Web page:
[...]

The project will also help restore Wuhan’s polluted lakes and water channels. Sediment dredging and slope protection work will be carried out, while flood control gates and a water pumping station will also be built. A storm water treatment system will be established for Yangchun Lake, artificial wetlands will be created, and lakes will be planted with aquatic plants.

[...]

Wuhan’s lakes and rivers, which make up 25% of its urban area, have become seriously polluted by agricultural activity and urban construction, with just 38 of 100 lakes in the mid-20th century still in existence.

An environmental public awareness campaign targeted at lakeside businesses, communities and schoolchildren will be carried out, while training and other support will be given for wastewater and sludge treatment operation and maintenance.

ADB’s assistance makes up nearly 20% of the total project cost of about $501.8 million. The Wuhan Municipal Government is providing counterpart funds equivalent to $125.4 million, while the Agricultural Bank of China is supplying a 10-year loan of $276.3 million. The municipal government is the executing agency for the project which is expected to be completed by December 2014.

Source: ADB, 01 Jul 2010

Waste Water Treatment Plant Mud Used As ‘green’ Fuel

Scientists have shown that using mud from waste water treatment plants as a partial alternative fuel can enable cement factories to reduce their CO2 emissions and comply with the Kyoto Protocol, as well as posing no risk to human health and being profitable. These are the results of an environmental impact assessment.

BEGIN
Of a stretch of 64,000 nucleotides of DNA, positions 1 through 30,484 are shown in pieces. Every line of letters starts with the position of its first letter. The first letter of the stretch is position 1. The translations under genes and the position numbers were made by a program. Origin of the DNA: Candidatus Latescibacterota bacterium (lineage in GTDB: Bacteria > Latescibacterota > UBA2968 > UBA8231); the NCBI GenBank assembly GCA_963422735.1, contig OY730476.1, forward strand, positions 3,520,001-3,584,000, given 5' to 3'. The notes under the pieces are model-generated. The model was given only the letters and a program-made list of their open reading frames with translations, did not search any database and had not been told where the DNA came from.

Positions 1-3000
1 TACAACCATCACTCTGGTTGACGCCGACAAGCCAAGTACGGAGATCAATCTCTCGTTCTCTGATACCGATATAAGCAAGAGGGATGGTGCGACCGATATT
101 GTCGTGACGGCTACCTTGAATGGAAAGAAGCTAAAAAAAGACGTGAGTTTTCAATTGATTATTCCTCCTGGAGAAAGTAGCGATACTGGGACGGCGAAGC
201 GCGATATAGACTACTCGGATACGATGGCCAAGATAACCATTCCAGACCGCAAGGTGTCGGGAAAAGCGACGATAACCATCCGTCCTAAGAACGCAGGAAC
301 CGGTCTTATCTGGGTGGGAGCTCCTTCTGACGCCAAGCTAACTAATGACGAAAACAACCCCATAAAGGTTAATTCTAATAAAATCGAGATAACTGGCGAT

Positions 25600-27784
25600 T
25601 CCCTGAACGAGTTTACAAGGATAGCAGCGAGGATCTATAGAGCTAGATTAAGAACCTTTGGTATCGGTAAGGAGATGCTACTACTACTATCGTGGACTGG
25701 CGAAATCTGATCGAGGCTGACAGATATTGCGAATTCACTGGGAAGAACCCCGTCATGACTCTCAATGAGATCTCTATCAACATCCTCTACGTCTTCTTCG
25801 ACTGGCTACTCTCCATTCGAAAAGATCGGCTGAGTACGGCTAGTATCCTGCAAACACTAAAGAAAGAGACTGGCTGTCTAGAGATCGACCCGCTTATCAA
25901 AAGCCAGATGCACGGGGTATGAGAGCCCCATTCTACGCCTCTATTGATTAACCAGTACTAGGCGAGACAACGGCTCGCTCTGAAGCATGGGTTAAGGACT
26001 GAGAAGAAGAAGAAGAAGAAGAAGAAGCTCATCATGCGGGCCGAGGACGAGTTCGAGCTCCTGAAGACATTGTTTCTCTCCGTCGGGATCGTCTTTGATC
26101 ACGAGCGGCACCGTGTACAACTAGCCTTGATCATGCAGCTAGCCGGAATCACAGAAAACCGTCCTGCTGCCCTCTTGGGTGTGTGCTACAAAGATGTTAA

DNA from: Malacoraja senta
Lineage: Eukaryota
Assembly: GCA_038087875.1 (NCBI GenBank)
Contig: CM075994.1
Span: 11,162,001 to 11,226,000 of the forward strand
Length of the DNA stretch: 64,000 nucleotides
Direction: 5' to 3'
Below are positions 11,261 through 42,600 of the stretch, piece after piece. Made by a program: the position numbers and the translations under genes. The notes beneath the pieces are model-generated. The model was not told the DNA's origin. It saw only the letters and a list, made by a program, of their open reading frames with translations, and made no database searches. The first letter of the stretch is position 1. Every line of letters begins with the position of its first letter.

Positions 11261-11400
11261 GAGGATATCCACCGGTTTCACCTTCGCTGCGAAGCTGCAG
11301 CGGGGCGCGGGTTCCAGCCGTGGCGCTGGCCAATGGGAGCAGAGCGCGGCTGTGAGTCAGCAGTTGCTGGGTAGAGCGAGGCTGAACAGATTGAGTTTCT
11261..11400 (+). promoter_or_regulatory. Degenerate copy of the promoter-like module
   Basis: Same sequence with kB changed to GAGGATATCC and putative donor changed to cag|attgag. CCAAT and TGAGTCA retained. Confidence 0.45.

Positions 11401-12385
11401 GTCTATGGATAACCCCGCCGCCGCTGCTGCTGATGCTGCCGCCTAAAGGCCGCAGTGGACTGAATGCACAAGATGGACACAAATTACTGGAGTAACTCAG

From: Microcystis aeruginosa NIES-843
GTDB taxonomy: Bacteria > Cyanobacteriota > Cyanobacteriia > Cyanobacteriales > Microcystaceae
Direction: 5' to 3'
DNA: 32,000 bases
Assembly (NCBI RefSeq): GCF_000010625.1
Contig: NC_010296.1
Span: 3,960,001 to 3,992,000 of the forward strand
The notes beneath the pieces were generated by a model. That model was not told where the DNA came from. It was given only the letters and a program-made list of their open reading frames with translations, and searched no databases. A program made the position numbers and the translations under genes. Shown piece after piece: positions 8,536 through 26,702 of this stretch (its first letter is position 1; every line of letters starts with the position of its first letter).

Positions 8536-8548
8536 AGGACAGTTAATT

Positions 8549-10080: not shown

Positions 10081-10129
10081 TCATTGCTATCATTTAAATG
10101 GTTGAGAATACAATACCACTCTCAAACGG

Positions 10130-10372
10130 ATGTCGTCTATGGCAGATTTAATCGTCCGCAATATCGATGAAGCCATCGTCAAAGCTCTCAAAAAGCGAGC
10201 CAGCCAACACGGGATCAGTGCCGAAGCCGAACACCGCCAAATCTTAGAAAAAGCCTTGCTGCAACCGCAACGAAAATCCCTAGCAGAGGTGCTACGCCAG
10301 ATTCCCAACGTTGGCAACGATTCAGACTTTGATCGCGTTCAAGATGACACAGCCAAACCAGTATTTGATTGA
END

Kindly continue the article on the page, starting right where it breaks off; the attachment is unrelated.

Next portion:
Dependency on oil and coal could be coming to an end. Researchers from the Rovira i Virgili University (URV) have analysed the environmental and human health impacts of an alternative fuel that solves various problems simultaneously. This is the solid waste from the water treatment plants of large cities.

The scientists have carried out the first study into this method at a cement plant in Vallcarca (Catalonia), which has been producing cement for more than 100 years, and they confirm in the latest issue of the journal Environmental Science and Pollution Research that it is “the best option for getting rid of mud that would have had to be dumped elsewhere, while also powering the plant”.

[...] Up to 20% of the fossil fuel energy used at the Catalan plant has now been substituted for the fuel from waste water treatment plant mud.

One of the most important issues for the URV scientists is the reduction in environmental impact, and consequently the health risks for people living near the plants. The experiment with the mud has led to a 140,000 tonne reduction in CO2 emissions between 2003 and 2006, and will have limited the potential deaths from exposure to chemical pollutants. In addition, the study shows that using this green fuel would reduce the cancer rate by 4.56 per million inhabitants.

The researchers say it is essential to carry out separate studies for each plant because “we still don’t know whether this will be positive for the whole cement industry”, according to Domingo. However, if the conditions are right, using mud from waste water treatment plants in cement factories is “a very good solution”, he concludes

Source: Plataforma SINC, ScienceDaily, 23 Jun 2009